At the starting line of the 2020 Yukon Quest in Fairbanks on Saturday morning, all eyes were on the mushers and their teams of dogs. But to keep the Yukon Quest running smoothly, there is a veritable horde of volunteers running around behind the scenes.
According to Marti Steury, the Alaska executive director of the Yukon Quest, it’s more than triple figures.
“It’s roughly 1,000 volunteers,” she said. “It takes 1,000 people to go 1,000 miles. And that’s both countries — from trailbreakers, to coffee makers, to hospitality managers, to checkpoint volunteers.”
Steury is one of just three full-time staffers on the Alaska side of the race; there are two on the Yukon side. With the exception of the roughly half a dozen contractors for the event itself — people like the race marshal — the rest are all volunteers.
Steury noted that when Summit Logistics hosts the food drop and the veterinary check in the weeks leading up to the race, all of the company's staff shows up.
“Think about the food drop and the vet check. All of those people are volunteers. There were like 50 people at the vet check,” Steury said. “The race would not exist if it were not for the volunteers.”
Colleen and Leo Zeek know it well.
“Oh, it’s an army,” said Colleen, who, along with her husband, Leo, was working the front desk at the Morris Thompson Cultural and Visitors Center as race day unfolded outside.
The Zeeks have been volunteering for the Quest since 2011. They arrived in Fairbanks in 1994. While they’ve left a couple of times thinking they would spend their retirement traveling, they always ended up coming back to Fairbanks.
“Now, I don’t think we’re ever going to leave,” Colleen said. “It’s just the people. They’re amazing here. They’re so warm and welcoming.”
The Zeeks do more than turn up on race day. In the run up to the start of the Yukon Quest, there are a slew of fundraising events and preparations into which the Zeeks throw themselves.
“Besides doing this event, there’s also an auction around Thanksgiving every year,” Colleen said. “They collect donations from different businesses — like gift baskets, artworks, whatever people want to donate. And my husband and I do the same thing — we are the ‘Hello, how are you’ people. We sit at a table right outside and we greet everyone, we take their tickets, we answer their questions.”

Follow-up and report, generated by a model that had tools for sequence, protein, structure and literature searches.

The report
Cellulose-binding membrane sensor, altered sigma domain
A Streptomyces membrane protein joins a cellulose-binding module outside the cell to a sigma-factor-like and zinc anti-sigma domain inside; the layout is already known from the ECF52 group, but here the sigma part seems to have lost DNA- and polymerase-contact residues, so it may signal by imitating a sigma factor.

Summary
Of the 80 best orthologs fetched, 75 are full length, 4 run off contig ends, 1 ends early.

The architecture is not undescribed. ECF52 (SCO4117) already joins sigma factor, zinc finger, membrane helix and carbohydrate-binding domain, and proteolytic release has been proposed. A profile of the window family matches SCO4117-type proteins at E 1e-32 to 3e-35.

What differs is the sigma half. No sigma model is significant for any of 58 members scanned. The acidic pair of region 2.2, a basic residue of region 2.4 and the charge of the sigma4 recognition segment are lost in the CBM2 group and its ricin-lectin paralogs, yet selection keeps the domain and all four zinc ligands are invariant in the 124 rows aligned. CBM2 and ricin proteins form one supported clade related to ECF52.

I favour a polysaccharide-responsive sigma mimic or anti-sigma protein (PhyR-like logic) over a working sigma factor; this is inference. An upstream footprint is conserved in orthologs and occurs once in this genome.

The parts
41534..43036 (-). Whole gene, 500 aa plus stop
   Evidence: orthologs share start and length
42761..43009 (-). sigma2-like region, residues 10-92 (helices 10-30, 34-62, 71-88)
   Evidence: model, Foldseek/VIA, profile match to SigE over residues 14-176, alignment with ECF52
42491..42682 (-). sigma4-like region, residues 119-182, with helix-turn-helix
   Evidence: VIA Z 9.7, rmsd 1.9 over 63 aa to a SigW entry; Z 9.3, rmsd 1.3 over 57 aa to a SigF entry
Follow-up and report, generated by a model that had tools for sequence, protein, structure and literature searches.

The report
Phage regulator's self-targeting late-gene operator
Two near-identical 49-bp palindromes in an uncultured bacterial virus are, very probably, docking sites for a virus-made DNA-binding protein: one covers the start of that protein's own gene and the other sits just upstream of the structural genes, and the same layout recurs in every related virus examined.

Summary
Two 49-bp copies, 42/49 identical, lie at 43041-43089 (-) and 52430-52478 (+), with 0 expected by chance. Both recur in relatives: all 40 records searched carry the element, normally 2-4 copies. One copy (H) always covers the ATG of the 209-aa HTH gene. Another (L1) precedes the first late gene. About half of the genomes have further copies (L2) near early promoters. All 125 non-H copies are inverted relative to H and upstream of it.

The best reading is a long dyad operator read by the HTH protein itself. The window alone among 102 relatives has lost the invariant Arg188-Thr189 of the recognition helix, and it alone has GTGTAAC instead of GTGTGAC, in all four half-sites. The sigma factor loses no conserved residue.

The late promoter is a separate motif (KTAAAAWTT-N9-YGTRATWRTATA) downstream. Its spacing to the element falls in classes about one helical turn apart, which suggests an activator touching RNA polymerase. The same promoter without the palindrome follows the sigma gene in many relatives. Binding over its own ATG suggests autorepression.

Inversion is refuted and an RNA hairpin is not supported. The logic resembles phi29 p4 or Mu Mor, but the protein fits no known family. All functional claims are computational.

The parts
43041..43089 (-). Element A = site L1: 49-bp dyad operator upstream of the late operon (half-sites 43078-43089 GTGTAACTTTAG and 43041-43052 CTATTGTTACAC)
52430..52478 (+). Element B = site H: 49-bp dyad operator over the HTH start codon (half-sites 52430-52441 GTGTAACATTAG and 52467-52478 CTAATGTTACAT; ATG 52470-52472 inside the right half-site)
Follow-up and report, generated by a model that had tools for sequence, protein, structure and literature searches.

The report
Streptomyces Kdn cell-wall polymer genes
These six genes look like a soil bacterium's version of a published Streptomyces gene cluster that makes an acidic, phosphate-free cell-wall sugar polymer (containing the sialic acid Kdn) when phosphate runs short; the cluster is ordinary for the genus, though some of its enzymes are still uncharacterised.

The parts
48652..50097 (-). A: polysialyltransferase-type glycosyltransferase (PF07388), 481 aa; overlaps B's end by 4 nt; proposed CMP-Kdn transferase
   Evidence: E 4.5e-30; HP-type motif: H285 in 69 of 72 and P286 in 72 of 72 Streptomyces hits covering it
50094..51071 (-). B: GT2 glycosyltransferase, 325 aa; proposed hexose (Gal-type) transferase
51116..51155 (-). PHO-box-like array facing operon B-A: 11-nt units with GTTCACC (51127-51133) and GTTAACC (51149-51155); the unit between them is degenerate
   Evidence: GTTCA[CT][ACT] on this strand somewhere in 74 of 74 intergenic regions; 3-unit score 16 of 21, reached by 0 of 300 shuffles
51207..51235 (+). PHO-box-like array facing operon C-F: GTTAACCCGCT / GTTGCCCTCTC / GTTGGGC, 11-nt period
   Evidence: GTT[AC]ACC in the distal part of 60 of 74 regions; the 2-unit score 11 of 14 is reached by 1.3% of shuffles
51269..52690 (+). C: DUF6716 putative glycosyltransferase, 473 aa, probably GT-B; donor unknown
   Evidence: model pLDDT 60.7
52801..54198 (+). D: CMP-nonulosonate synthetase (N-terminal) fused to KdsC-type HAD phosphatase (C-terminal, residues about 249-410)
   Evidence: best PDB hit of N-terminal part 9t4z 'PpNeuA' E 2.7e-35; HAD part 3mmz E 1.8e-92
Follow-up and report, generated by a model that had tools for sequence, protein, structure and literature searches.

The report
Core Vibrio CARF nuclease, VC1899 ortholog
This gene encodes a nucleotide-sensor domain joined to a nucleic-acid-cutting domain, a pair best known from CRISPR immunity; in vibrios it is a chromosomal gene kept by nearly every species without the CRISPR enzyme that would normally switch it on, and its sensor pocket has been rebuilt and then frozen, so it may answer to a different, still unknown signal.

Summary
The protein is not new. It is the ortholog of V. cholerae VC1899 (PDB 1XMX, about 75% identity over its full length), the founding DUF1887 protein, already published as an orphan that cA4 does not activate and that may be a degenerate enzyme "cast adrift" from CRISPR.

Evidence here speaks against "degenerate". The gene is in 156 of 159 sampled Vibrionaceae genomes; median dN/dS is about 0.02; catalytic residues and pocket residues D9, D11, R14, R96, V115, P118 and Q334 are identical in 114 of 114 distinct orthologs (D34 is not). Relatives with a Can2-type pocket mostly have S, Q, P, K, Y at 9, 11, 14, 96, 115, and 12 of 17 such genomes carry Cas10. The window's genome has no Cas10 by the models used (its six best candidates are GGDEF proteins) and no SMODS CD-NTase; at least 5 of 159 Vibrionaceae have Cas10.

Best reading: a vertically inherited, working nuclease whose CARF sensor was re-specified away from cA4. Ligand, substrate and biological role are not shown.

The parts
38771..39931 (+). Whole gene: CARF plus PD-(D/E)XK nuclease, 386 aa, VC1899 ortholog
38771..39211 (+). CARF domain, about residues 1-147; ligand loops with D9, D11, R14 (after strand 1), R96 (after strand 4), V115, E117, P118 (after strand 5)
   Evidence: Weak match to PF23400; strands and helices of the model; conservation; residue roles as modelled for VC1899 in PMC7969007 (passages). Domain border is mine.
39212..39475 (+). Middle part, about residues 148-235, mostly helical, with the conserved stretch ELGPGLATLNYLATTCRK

Throughout the morning Saturday the Zeeks fielded questions from hundreds of spectators, many from out of state, some from across the world. Both affably answered every question: When will the first team arrive at Two Rivers? How much is the prize money? Which checkpoints are most accessible?
Despite the fountain of information the couple dispensed, Colleen insists that they don’t know everything about the Quest. In fact, volunteering is a way for them to learn more.
“We’re not dog mushers. But this allows us to meet with a different group of people that we wouldn’t usually. It’s nice to meet people outside your own social circles,” she said.
Colleen works at Cold Spot Feeds, a pet supply store that specializes in mushing equipment. She said she’s learned a lot about mushers through her work as well.
“They (the mushers) are fascinating, because they live a lifestyle that I don’t want to live, but it’s nice to be involved and it’s nice to support them — because this is our hometown race,” she said.
This, it became clear, is the impetus for them in their volunteering efforts: community.
“I like to say it’s like sitting down and having a home-cooked meal. It’s the difference between us and other races. We’re small and you get to know people. We’ve done this for so long that now, the mushers, the board of directors — they all know us. They see us and they come and say ‘We’re so glad you’re back doing this’,” Colleen said. “It’s such a small thing, it’s just a few hours of our time, but it’s so much fun.”
The Zeeks don’t just help out with the Yukon Quest. The couple also volunteers at Pioneer Park every Tuesday evening during the summer, and they’ve been serving as Golden Heart Greeters at the Morris Thompson Cultural and Visitors Center for well over a decade.
The Quest appears to be a highlight for them, though. Despite Leo's joke that he doesn’t volunteer, he’s “voluntold,” the smile never left his face as he went about assisting the public.
“People who volunteer want to be part of it, but they don’t necessarily have the time to dedicate to dog mushing. I’m a city girl, I like my city comforts,” Colleen said. “This is our way of giving back to the race and supporting them and supporting our community — that’s what it’s all about.”
Contact staff writer Alistair Gardiner at 459-7575. Follow him on Twitter: @FDNMoutdoors.